I’m proud to say the video I shot, illustrated, and produced for the New Climate Economy is live (as is NCE’s new report, the Sustainable Infrastructure Imperative). This is the one they flew me to London for, where I set up an interview studio both in our hotel and at the Foreign & Commonwealth Office. In the time between shooting the video and the release of the report, we reshot WRI’s president here in DC to sub in some changes in the original text, reordered the 4 elements at the end, and added new illustration to reflect changes in the language. It was a huge undertaking but so much fun to produce, and I’m thrilled with the results.
The dumpster in our driveway is gone. We filled it with all of the concrete from the front walkway, all of the remaining hedges, bags of yard debris from the woodpile and behind the garage, the doctor’s desk from the attic, the old porch railings, and all sorts of other crap I can’t remember. We filled it to the edge. I hunted high and low to find more stuff to get rid of, and I’m sure I’ll trip over something in a week’s time that I should have chucked in there. The process of cleansing is a liberating feeling. Now I turn my attention to the piles of stuff I have on my desk, around my office, and on the shelves. It’s time for a cleansing of gear as well.
Now, to the next project: Our landscaper recommended we take the silver maple in the backyard down, as the trunk is being eaten by bugs, before we get started in the front yard. And then he pointed to the maple on the west side property line, which is actually in worse shape than the silver maple. The logic here is that if we spend a summer and a bag of cash fixing the front yard, we won’t be able to get a crane truck out back to deal with the trees after that’s done. The good news is that they can do them both at the same time, our neighbor is willing to let us use his driveway for access, and he’s willing to split the cost. They’re going to take the roots down as far as they will go, and I’ll have them leave the wood for me to split and stack. And all of that sun will help the oak tree next to it spread and grow taller.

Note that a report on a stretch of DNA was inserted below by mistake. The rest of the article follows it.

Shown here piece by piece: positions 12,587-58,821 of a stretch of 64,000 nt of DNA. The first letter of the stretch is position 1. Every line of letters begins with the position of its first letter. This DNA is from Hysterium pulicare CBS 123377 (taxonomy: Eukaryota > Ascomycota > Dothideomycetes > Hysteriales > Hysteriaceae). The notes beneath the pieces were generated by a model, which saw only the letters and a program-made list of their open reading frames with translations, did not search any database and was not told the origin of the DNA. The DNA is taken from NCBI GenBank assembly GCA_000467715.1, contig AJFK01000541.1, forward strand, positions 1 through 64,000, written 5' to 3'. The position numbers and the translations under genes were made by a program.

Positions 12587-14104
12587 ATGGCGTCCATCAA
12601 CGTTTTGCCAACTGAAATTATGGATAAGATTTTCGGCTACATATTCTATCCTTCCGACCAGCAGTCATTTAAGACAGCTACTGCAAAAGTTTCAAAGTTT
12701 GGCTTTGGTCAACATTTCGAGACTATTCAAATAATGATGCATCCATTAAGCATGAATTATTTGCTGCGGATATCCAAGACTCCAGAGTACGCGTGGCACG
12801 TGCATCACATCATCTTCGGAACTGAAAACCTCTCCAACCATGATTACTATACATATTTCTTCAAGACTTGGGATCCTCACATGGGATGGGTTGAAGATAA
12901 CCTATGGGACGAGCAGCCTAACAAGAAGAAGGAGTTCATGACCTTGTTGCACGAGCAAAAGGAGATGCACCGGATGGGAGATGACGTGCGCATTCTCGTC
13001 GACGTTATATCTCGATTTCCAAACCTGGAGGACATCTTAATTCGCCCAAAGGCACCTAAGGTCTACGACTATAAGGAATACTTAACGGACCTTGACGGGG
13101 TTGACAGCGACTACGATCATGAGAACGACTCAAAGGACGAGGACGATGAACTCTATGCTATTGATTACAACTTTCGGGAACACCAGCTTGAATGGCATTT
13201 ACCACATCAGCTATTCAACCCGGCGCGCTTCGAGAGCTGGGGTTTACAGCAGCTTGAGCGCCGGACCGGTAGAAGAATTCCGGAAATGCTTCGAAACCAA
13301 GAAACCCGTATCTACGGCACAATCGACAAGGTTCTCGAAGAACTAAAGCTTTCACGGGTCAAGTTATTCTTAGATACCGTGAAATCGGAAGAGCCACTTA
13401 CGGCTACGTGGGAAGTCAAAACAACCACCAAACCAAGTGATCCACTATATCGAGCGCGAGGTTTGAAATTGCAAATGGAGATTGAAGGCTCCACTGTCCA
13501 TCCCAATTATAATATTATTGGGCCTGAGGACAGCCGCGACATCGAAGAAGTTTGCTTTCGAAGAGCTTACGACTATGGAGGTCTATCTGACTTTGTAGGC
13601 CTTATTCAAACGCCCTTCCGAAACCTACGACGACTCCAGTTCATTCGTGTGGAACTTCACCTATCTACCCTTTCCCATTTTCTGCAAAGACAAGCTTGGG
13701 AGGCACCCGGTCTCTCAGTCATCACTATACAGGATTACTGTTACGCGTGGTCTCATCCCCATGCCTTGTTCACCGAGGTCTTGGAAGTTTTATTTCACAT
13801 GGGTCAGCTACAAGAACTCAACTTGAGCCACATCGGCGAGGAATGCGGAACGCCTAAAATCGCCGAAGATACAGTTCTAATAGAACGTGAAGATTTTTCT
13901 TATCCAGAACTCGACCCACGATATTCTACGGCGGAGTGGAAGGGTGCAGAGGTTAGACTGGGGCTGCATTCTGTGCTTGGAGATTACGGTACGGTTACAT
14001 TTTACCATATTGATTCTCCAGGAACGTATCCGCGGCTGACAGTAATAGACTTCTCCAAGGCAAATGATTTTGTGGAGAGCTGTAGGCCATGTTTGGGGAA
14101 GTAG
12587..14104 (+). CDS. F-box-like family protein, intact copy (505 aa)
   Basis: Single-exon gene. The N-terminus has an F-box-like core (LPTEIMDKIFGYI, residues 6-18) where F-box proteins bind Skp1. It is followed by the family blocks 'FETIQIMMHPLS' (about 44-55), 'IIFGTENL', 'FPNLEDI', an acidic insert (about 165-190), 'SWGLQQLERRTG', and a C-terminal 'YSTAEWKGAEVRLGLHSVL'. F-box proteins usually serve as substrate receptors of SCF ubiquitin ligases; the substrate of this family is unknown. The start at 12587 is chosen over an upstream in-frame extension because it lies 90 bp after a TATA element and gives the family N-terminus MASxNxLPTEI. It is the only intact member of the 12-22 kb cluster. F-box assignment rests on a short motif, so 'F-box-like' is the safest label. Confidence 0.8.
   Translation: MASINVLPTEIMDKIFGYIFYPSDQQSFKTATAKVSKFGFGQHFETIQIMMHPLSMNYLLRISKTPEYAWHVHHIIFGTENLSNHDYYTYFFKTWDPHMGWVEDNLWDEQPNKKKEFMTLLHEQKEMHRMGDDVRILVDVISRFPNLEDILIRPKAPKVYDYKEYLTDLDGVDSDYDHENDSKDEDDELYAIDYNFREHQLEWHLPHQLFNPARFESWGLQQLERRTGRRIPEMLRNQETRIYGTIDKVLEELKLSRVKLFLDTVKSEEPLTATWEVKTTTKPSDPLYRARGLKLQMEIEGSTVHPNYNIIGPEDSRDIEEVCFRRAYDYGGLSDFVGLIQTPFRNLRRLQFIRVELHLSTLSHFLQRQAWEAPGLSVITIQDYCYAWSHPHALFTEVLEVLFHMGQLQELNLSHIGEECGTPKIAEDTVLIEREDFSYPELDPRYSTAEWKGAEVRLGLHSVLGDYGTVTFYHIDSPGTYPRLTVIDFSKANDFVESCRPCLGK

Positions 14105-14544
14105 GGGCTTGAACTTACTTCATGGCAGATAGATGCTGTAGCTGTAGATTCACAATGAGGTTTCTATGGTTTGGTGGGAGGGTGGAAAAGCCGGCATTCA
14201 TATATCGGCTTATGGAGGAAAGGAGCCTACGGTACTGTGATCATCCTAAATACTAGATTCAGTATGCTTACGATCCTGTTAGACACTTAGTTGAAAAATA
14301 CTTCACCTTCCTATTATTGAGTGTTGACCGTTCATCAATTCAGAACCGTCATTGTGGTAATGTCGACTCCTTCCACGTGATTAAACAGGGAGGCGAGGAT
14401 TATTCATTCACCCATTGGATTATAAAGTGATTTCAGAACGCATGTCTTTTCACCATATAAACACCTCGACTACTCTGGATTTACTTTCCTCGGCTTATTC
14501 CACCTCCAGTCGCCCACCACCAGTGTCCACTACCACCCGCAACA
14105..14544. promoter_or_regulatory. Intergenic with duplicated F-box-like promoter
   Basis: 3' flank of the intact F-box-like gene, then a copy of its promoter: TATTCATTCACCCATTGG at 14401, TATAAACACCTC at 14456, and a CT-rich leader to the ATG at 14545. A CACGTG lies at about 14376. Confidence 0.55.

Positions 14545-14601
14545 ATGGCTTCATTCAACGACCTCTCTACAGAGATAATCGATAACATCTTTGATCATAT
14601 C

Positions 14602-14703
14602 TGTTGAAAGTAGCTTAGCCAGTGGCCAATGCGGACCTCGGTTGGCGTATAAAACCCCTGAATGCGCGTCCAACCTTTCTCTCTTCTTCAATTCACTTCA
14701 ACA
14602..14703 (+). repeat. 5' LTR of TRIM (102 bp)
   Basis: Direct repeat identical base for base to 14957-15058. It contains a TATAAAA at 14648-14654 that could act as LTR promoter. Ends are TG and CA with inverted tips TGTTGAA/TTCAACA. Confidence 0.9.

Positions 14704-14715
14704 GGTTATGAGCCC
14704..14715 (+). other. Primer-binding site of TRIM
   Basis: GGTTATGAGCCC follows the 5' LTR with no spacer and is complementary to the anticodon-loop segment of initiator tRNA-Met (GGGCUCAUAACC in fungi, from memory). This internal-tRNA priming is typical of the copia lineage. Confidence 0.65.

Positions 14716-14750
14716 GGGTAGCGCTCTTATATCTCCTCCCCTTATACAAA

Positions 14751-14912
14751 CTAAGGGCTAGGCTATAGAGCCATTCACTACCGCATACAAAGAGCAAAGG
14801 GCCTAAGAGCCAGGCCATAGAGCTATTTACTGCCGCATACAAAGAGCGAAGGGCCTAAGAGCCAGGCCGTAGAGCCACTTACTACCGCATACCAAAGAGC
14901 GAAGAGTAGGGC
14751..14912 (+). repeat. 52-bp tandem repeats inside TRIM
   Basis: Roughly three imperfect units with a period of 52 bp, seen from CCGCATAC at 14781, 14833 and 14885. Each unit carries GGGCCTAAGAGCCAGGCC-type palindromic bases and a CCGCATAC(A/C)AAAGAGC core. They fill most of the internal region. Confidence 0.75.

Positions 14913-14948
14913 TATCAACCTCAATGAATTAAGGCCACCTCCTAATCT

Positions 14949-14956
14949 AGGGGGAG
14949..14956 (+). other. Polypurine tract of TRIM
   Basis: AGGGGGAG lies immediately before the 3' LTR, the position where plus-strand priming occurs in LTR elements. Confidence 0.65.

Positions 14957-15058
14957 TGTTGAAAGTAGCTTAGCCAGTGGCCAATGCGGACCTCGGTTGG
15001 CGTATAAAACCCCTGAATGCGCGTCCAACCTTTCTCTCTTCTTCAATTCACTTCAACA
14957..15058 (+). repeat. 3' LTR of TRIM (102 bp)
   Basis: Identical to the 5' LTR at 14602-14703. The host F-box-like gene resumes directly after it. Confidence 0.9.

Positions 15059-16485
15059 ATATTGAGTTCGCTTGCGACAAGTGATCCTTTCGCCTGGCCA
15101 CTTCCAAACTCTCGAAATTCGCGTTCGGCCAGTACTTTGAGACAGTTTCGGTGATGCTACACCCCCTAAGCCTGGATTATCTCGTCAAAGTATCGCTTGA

So, the trees will come down and our parade party will be curtailed to the bare minimum (and the front yard) this year. Which isn’t so bad, really.
I switched back to the old headline font on the site here, because the other one just didn’t look good. This one (Museo Slab) isn’t my first choice but it’s not as heavy and blocky as Chunk, its replacement.
That’s Jane Goodall introducing AFR100, the African Forest Landscape Restoration Initiative, which is working to restore 100 million hectares of degraded and deforested landscapes by 2030. That logo is something I put together in the leadup to COP21 last month. I came up with the solution during the initial kickoff meeting, and fooled with it for a couple of weeks until I had the right balance of positive and negative spaces.